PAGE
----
Just when you thought that perfect storm of social media outrage and backstabbing academic politics, the Tim Hunt saga, was fading away, it’s all flared up again with Colin Blakemore’s resignation as honorary president of the Association of British Science Writers.
Their reporting of his departure is awful example of weasel-worded dishonesty.
We have accepted with regret Sir Colin Blakemore’s resignation as honorary president of the ABSW, with thanks for his support and assistance over the years. He has made it clear that he disagrees irreconcilably with the statement we issued in June about media attacks on our former president, Connie St Louis.
As anyone looking at this web site knows already, this relates to her reporting of remarks to the Korea Federation of Women’s Science and Technology Associations by Sir Tim Hunt at the World Conference of Science Journalists in Seoul on June 8. Sir Tim has not disputed the accuracy of St Louis’s reporting and has apologised to the Federation for his comments. Sir Paul Nurse, president of the Royal Society, is on record as saying that Sir Tim’s comments were unacceptable.
Sir Paul Nurse withdrew his initial comments and has since completely exonerated Sir Tim. But their statement completely fails to mention this.
What’s also telling is the way it uses Sir Tim Hunt’s apology as an admission of guilt, in the manner of a Soviet show trial or medieval witch hunt. It’s a natural human response to apologise when you’ve inadvertently caused offence, something we’re taught to do as a means of de-escalating conflict. But it relies on the other party playing by same rules of of etiquette, and that does not seem to be the case here. It looks far more like dealing with an aggressive bully, to whom a forced apology just gives them power.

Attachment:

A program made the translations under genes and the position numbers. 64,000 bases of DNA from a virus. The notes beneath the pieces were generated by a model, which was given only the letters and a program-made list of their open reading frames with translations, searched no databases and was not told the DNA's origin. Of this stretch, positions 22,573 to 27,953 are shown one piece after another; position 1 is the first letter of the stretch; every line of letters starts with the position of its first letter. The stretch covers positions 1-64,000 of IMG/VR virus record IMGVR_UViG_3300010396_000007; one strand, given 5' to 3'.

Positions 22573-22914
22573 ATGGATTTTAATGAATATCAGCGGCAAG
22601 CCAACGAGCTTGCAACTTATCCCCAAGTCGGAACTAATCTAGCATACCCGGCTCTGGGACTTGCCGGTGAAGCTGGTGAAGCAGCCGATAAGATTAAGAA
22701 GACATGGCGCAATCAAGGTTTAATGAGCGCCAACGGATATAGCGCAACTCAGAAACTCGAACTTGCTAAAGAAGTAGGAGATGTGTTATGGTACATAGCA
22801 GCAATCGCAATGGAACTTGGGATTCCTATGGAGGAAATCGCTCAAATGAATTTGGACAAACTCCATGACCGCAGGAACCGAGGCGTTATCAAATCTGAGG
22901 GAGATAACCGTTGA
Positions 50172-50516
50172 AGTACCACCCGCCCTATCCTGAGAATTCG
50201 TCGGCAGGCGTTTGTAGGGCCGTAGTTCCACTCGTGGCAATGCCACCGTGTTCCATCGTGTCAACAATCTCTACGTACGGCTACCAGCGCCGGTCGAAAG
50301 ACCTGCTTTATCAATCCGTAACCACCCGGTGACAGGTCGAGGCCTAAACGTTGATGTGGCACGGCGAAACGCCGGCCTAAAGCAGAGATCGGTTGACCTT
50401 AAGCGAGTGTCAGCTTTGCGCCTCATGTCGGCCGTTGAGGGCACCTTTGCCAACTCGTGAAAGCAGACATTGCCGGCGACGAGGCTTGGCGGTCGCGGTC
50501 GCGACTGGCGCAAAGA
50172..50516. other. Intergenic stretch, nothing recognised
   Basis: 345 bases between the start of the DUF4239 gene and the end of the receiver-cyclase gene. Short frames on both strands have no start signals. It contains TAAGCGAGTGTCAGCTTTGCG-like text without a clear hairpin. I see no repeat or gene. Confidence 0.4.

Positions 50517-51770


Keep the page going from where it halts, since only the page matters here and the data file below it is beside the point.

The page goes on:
The story is no longer about Tim Hunt himself, but about the misreporting both by Connie St. Louis and other parts of the media. This does make the stories of her inflating and exaggerating her qualifications and experience on her CV published online at City University entirely relevant.
St. Louis is a director of The Association of British Science Writers. While it’s human nature to close ranks and circle the wagons, they’re starting to look as credible FIFA under Sepp Blatter.